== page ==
The closing of American academia
It is 2011 and I’m sitting in the Palais des Congres in Montreal, watching anthropologists talk about structural inequality [ketdksamaan,ketidakrataan].

The American Anthropological Association meeting is held annually to showcase [memamerkan] research from around the world, and like thousands of other anthropologists, I am paying to play [menggunakan]: $650 for airfare, $400 for three nights in a “student” hotel, $70 for membership, and $94 for admission. The latter two fees [biaya] are student rates [harga, tarif]. If I were an unemployed or underemployed [setengah menganggur] scholar, the rates would double.

The theme of this year’s meeting is “Traces [bakat], Tidemarks and Legacies [warisan, peninggalan].” According to the explanation on the American Anthropological Association website, we live in a time when “the meaning and location of differences, both intellectually and morally, have been rearranged”. As the conference progresses, I begin to see what they mean. I am listening to the speaker bemoan [meratapi, merintihkan] the exploitative practices [praktik eksploitatif] of the neoliberal model when a friend of mine taps [menepuk] me on the shoulder. “I spent almost my entire salary to be here,” she says.

My friend is an adjunct [penata gol 3c/d, pembantu]. She has a PhD in anthropology and teaches at a university, where she is paid $2100 per course. While she is a professor, she is not a Professor. She is, like 67 per cent of American university faculty, a part-time employee on a contract that may or may not be renewed each semester. She receives no benefits or health care.

According to the Adjunct Project, a crowdsourced website revealing [memberitahukan, membeberkan, mengungkapkan] adjunct wages [gaji, upah] – data which universities have long kept under wraps [tersembunyi, hidden] – her salary is about average. If she taught five classes a year, a typical full-time faculty course load, she would make $10,500, well below the poverty line. Some adjuncts make more. I have one friend who was offered $5000 per course, but he turned it down and requested less so that his children would still qualify for food stamps [kupon, cap, perangko].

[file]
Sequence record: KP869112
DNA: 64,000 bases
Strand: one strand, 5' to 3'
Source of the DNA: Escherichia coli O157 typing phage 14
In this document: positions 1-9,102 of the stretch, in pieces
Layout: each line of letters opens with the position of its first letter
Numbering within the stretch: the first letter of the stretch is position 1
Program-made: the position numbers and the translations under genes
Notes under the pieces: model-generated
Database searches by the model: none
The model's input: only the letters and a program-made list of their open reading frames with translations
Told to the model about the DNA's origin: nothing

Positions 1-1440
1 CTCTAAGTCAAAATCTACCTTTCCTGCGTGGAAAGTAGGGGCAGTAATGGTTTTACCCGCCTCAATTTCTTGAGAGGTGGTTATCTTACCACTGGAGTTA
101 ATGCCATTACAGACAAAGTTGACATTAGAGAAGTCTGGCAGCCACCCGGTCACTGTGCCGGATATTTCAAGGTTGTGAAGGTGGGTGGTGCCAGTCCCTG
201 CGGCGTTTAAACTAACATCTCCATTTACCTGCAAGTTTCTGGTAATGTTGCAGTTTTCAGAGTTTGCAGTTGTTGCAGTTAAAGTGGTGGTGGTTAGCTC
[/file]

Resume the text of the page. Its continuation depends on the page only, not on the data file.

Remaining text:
Why is my friend, a smart woman with no money, spending nearly $2000 to attend a conference she cannot afford [memberikan, menghslkan]? She is looking for a way out [jln keluar]. In America, academic hiring [memperkerjakan akademik] is rigid and seasonal [menurut musim]. Each discipline has a conference, usually held in the fall, where interviews take place. These interviews can be announced days or even hours in advance, so most people book [memesan, mencatatkan] beforehand, often to receive no interviews at all.

The American Anthropological Association tends to hold its meetings in America’s most expensive cities, although they do have one stipulation [ketentuan, penetapan, syarat]: “AAA staff responsible for negotiating and administering annual meeting contracts shall show preference [pilihan] to locales [tempat terjdx s/ peristiwa] with living wage [upah gaji] ordinances [tata cara, peraturan].” This rule does not apply, unfortunately, to those in attendance [yg hadir].

Below poverty line
“The adjunct problem is emblematic [bersifat lambang] of broader trends in American employment: the end of higher education as a means to prosperity [kesejahteraan], and the severing [memutuskan, membedakan]of opportunity [chance, kesempatan] to all but the most privileged [yg diberi hak istimewa].”

In most professions, salaries below the poverty line would be cause for alarm [kegelisahan, anxiety, tanda bahaya]. In academia, they are treated as a source of gratitude [perasaan bersyukur]. Volunteerism is par for the course – literally [secara harfiah, benar2]. Teaching is touted [menggembar-gemborkan] as a “calling”, with an compensation [penggantian] afterthought [renungan]. One American research university offers its PhD students a salary of $1000 per semester for the “opportunity” to design and teach a course for undergraduates, who are each paying about $50,000 in tuition. The university calls this position “Senior Teaching Assistant” because paying an instructor so far below minimum wage is probably illegal.